Cave bears seem to have started out small (as their ancestral U. deningeri was), with some branches only diverging into extremely large bears later (Hofreiter et al. 2002). While some may have been herbivorous, others appear to have adapted to omnivorous or carnivorous lifestyles (Knapp et al. 2009). In one locality, two distinct cave bears (U. ingressus and U. spelaeus eremus), along with the brown bear (U. arctos) lived side-by-side, suggesting niche partitioning between the species (Bocherens et al. 2011).

What is most interesting about cave bears is that they died out by the end of the Pleistocene, while their contemporaries, the brown bears, continued to thrive. Climate change, habitat fragmentation, predation by other carnivores, and human hunting may all have put pressure on dwindling populations (Stiller et al. 2014; Terlato et al. 2019). Ancient DNA demonstrated a population decline before its extinction; increasing use of caves by humans may have instigated deadly conflicts for the bears (Gretzinger et al. 2019). Some cave bear DNA still survives, though, in brown bears, showing that the species hybridized in the Pleistocene (Barlow et al. 2018).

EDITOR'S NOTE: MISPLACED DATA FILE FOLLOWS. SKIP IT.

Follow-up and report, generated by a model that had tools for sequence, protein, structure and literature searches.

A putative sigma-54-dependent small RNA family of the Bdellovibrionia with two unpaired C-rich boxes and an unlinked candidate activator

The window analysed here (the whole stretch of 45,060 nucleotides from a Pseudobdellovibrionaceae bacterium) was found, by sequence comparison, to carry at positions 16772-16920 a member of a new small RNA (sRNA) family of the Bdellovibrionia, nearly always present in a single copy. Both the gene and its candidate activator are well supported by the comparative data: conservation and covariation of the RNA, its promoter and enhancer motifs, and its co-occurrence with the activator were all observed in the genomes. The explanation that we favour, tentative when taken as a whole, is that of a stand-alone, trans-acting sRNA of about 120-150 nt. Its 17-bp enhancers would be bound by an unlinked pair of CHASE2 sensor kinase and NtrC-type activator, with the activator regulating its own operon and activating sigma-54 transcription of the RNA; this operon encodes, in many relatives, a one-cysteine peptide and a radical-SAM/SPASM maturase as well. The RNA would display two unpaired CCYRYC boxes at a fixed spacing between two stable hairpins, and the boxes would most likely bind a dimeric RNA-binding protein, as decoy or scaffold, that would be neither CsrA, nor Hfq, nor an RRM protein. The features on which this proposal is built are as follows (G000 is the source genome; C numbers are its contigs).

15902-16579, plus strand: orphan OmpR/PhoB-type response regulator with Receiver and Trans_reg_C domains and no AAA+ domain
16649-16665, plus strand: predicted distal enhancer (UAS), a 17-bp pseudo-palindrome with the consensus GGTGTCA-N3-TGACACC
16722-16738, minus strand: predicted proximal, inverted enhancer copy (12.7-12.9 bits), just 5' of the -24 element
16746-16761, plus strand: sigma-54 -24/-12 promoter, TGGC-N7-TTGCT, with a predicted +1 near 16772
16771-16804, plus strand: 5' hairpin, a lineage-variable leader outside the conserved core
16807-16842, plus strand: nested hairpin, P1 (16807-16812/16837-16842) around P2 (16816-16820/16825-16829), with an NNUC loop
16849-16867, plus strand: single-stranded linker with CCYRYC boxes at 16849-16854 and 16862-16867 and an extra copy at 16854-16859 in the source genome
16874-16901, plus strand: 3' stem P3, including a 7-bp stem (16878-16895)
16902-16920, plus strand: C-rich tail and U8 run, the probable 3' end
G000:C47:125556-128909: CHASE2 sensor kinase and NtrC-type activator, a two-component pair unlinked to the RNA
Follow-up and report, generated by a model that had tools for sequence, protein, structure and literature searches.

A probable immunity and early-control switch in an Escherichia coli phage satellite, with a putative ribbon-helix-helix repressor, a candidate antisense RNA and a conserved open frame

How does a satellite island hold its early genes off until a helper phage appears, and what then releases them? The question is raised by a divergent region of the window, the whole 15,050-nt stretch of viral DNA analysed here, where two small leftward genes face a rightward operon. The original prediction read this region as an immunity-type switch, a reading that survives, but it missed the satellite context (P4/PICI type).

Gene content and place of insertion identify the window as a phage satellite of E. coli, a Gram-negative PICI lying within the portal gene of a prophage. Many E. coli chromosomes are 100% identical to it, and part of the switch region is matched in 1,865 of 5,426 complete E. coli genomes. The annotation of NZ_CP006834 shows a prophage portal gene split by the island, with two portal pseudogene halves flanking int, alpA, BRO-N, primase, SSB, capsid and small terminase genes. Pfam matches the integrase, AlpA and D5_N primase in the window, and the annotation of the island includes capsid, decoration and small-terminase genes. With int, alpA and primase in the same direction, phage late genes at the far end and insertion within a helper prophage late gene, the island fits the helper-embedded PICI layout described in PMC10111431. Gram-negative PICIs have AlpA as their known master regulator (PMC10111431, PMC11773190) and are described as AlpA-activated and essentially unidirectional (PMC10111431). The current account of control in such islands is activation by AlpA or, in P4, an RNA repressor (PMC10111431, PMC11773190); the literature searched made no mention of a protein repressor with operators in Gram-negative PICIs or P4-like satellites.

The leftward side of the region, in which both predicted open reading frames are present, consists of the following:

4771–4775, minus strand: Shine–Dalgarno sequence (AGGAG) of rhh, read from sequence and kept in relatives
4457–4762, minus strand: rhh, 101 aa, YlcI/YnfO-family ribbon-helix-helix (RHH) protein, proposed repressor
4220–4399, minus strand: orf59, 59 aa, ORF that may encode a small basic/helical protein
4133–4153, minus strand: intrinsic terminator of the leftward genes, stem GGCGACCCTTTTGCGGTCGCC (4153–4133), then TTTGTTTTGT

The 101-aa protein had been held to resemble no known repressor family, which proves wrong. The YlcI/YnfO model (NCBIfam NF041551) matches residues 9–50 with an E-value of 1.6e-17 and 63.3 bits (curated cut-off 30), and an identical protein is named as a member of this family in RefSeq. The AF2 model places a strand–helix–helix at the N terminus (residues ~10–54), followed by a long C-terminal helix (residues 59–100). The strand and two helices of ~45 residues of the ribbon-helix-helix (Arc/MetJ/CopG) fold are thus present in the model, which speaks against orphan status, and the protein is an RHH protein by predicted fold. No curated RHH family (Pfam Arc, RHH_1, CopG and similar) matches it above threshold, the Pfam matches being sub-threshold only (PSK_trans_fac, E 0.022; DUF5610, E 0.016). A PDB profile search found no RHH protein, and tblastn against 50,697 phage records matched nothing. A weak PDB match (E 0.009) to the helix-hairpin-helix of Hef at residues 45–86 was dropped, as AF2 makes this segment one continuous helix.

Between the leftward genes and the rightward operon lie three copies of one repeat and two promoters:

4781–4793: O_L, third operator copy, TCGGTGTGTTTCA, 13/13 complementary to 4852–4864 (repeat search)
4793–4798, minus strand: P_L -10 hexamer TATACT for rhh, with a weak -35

Cave Bear, Ursus spelaeus, skull (James St. John, CC-BY)

The Brown Bear